Cars are expensive, and if you’re like most people, you probably don’t have the spare cash to run around replacing your ride every couple of years. Instead, why not make a decent investment, and then milk it for every bit of usage you can get?
Unfortunately, all cars end up in a wrecking yard eventually, and there’s only so much you can get out of your investment when you sell it for scrap.
However, we’re going to give you three simple maintenance tips to prolong the life of your car for as long as possible to really help you maximize your return on investment. Then, when it finally does hit that point of no return, we have a way for you to get a little bit of your cash back, too.
Let’s get started.
Regular Oil Changes:
Far too many people simply wait for their oil light to come on and then pour in another quart or two of whatever cheap oil they can find at their local general store. That’s not the way to go about it, and it dramatically impacts how long your engine will last.
There are two things you need to worry about with your oil.
- Drain and replace it regularly.
- Only use premium oil products.
Changing the oil is straightforward. You can do it at home in about 15 minutes if you have a cheap filter wrench and an oil pan. Just make sure you dispose of the used oil legally.
If that’s a bit too much work for you, or you’re not comfortable doing it, you can pay dedicated oil-changing businesses to do it for a very reasonable fee. This is usually no more than $45, and it ensures the job is done quickly.
Usually, you can just shop at surrounding stores while the mechanics do their work. Doing this regularly will keep your oil clean and ensure that it lubricates your engine as intended. Failing to do so can cause friction in the motor or allow debris to enter sensitive moving parts.
Just make sure you’re using good oil. It’s not something you want to skimp on, and it’s not very expensive either, even if you buy the best brand possible. Cheaper oils won’t perform as well, and they can lower your car’s life expectancy.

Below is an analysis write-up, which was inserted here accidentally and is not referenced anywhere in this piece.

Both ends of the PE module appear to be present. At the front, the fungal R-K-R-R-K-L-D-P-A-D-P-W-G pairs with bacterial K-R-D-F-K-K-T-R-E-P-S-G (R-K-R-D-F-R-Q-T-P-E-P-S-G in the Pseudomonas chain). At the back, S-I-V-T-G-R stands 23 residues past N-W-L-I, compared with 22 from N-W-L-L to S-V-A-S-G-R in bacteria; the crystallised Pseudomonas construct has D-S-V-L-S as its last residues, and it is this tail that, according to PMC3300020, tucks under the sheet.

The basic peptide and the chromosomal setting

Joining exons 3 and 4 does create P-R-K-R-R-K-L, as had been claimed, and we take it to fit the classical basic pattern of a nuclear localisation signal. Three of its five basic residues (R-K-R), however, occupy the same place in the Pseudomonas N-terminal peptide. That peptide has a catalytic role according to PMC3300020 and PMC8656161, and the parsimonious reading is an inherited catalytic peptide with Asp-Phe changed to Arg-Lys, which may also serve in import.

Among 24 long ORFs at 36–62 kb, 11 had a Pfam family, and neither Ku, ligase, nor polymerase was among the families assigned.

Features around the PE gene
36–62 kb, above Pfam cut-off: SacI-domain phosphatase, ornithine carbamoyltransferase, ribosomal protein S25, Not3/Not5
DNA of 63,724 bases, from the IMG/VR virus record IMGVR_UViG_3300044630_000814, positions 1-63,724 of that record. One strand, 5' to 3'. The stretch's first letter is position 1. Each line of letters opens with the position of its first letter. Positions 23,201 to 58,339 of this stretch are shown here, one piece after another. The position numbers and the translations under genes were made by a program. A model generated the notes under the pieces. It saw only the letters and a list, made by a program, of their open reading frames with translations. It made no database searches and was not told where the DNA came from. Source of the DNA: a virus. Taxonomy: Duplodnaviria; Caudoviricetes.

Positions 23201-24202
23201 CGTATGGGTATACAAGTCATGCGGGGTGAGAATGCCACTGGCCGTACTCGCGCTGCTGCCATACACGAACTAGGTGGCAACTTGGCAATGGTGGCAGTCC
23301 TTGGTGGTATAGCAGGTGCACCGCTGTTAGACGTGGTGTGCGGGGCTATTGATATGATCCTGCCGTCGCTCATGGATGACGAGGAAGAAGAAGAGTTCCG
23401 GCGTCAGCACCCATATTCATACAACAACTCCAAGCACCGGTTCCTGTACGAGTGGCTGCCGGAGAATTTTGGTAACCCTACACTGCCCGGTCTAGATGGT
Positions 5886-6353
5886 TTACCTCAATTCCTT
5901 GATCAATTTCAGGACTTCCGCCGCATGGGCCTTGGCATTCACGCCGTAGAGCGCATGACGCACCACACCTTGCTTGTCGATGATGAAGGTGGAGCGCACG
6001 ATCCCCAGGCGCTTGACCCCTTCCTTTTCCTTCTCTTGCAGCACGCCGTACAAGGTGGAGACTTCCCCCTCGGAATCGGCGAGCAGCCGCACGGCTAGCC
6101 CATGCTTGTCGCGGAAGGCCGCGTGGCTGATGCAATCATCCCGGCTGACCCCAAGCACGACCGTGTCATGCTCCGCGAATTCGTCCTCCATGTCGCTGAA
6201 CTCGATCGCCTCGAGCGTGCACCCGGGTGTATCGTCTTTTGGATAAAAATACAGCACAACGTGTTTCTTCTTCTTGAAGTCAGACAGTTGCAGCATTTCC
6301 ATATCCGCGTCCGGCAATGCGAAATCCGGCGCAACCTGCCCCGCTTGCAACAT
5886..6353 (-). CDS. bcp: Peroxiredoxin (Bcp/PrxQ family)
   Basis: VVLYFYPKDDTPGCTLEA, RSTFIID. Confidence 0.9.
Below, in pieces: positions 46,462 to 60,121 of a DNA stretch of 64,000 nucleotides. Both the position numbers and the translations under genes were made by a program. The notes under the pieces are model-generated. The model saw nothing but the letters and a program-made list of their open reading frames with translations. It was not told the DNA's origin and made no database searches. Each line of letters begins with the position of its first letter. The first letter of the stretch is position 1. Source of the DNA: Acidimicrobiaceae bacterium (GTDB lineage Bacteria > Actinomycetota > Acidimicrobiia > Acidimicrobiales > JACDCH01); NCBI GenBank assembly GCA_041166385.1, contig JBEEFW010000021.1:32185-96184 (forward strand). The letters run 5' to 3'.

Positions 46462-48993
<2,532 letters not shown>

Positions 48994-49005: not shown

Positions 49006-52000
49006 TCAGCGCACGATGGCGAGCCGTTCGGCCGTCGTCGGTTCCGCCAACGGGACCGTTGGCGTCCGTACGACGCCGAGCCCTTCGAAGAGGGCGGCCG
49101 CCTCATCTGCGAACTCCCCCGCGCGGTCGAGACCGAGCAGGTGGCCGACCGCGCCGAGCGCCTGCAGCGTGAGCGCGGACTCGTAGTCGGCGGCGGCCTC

You should also replace the oil filter at regular intervals too. This will prevent the filtered particles contaminating the newer oil. Check out this guide if you want to learn more about when and how to change your car’s oil.
Depending on how mechanically inclined you are, you can either do this on your own on a day off from work, or you can drop it off basically any mechanic and have it done at a more than reasonable price.
This is just like getting a checkup at your physician. Except, instead of a doctor checking your eyes, reflexes, weight, and other simple things, a mechanic takes a quick glance at your car’s internals and might hook up a diagnostics machine to see if any error codes pop up.
The fact is, not every problem presents itself in such an obvious way that you know something needs to be fixed. Sometimes, subtle hints are all you can go off, and a mechanic’s trained eye might be necessary to spot them. This allows you to perform preventative maintenance long before they become noticeable problems.
This can be budget friendly at any honest mechanic shop, and if you do it once a year, even if your vehicle seems fine, you can save big bucks in the long run by catching things early. A lot like if you go to your physician annually and pick up on diseases or potential problems before they become obvious.
Remember, it’s a lot easier to fix the problem when it’s small.
Use the Right Fuel:
With today’s ridiculous gas prices, it’s tempting to go with the cheapest option you can to save a few bucks. However, gasoline is one of the most important parts of your car. Not only is it necessary for starting and running the car but using inferior forms of gasoline can cause gradual damage to your vehicle that costs a lot more to replace later.
Shelling out for higher-quality gasoline can preserve your vehicle’s fuel lines, tank, and various other parts while getting you where you need to go.
What To Do When All Else Fails
Even if you do all these things and then some, your car will eventually become unwanted due to its age or suffer extensive damage from an accident. At that point you can’t privately sell it and no dealership will accept it in as a trade. Luckily, you can still sell it to a scrapper and get some money back.
It’s a good idea to wait until the car is truly busted before taking this route, but it can help you get at least the recycling value of the car back once you’ve gotten all you can out of it. To do this, just call your local auto wrecker.